There is a process for preserving ancient books and manuscripts taking place in northern India that is unlike any other I have seen before. It is being done at Dar-ul-Uloom, an Islamic seminary in the town of Deoband, state of Uttar Pradesh. This is an important school with what is evidently a magnificent collection of ancient Islamic texts. They have over 200,000 books, but the most important part of their collection is the 1,563 rare manuscripts, most between 500-800 years old.
As might be expected of such ancient material, much has become brittle, not easily handled. To preserve these ancient texts, the library is undertaking a digitization process. Such is not an easy task when some of the material is in a precarious condition, and if anything, the procedure could be expected to weaken the ancient material even more. Seminary officials felt they needed to do something to preserve the delicate material, both so it can be handled for digitization without further damage, and for its long-term preservation.
What the seminary is doing to preserve the pages is to laminate them. According to TwoCircles.net, an online site concerning Islamic issues in India, “...the boys [students] first separate the pages of the manuscripts by inserting a serial number with a pencil and applying a paste of transparent glue, then laminated with a special tissue glass cloth and dried. These pages are then saved sequentially. It is scanned before binding and preserving digitally.”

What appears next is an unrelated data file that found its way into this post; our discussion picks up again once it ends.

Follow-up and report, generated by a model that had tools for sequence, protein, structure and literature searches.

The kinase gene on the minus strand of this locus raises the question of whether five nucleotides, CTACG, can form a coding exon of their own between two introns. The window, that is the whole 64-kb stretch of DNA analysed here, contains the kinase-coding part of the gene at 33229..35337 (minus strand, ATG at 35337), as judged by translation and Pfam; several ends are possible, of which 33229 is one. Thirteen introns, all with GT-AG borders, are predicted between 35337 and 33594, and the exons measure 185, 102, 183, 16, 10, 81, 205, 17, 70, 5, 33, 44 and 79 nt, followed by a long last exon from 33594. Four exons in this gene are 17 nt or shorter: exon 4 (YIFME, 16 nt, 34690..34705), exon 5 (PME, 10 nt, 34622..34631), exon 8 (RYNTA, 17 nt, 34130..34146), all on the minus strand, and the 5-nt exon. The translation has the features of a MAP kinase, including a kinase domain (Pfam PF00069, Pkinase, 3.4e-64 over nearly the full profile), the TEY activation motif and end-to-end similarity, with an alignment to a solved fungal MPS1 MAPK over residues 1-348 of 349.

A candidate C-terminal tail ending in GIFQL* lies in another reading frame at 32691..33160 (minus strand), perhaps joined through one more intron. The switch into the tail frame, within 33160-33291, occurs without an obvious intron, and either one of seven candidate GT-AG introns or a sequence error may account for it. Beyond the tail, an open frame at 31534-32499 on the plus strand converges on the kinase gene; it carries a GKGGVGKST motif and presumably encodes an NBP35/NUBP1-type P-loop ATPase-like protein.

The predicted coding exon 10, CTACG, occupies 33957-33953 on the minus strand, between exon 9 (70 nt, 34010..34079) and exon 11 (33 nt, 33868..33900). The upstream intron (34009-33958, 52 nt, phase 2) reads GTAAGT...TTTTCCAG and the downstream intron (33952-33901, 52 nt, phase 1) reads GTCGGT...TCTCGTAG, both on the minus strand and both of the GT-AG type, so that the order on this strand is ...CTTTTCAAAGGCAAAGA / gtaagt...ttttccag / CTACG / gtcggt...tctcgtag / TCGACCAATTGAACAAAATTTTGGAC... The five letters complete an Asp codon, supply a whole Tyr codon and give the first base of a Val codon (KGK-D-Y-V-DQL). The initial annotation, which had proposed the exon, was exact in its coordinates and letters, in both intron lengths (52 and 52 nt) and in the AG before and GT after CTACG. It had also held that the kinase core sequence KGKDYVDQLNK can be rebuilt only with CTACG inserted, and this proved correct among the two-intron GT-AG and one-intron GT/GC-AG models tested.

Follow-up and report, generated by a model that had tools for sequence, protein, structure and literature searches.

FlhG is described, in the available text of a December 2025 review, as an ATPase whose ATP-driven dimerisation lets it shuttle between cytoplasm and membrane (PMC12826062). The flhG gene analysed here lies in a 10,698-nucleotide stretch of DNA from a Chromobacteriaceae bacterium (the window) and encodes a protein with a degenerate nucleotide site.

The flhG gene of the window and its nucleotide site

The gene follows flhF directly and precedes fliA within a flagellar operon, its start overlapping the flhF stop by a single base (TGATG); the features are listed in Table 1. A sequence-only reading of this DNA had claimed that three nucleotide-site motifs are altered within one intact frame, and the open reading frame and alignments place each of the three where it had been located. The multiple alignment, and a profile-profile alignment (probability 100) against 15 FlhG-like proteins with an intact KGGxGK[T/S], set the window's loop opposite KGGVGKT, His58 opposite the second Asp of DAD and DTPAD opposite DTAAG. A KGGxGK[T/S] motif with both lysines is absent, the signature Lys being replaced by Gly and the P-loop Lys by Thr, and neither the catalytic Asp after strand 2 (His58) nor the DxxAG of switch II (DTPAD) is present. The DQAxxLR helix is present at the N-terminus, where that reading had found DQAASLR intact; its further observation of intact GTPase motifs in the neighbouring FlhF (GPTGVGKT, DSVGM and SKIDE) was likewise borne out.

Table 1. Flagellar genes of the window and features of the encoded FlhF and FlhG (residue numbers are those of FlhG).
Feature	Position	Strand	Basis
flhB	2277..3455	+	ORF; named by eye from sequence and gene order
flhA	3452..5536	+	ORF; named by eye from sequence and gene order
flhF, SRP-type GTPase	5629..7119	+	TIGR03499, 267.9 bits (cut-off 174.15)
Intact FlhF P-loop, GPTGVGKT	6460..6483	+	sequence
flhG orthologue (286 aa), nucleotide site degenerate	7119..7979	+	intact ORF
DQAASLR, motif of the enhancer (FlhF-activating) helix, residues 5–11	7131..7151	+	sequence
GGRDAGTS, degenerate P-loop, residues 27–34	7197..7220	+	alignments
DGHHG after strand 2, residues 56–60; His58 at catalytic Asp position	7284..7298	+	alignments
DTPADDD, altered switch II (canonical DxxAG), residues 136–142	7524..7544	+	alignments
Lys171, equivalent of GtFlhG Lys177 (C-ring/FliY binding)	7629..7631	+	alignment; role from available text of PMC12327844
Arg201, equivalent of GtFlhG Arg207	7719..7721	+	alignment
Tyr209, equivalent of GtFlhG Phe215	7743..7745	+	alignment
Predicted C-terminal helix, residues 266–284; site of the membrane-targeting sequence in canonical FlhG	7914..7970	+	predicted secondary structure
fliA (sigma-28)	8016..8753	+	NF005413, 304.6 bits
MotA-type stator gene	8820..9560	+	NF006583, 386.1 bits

Transparent glue? Laminating? It sounds so outside the norms of preserving ancient material in the West that the idea is astonishing. Is this a terrible, destruction of original material or a smart way to protect it before it turns to dust? Are these people crazy, or are the Indian Muslims of the “two circles” thinking outside the square box? I don't think many western libraries will be adopting this procedure anytime soon, but that doesn't necessarily means it's a bad idea (or a good one either). I will leave that judgment to the librarians, historians, and preservationists.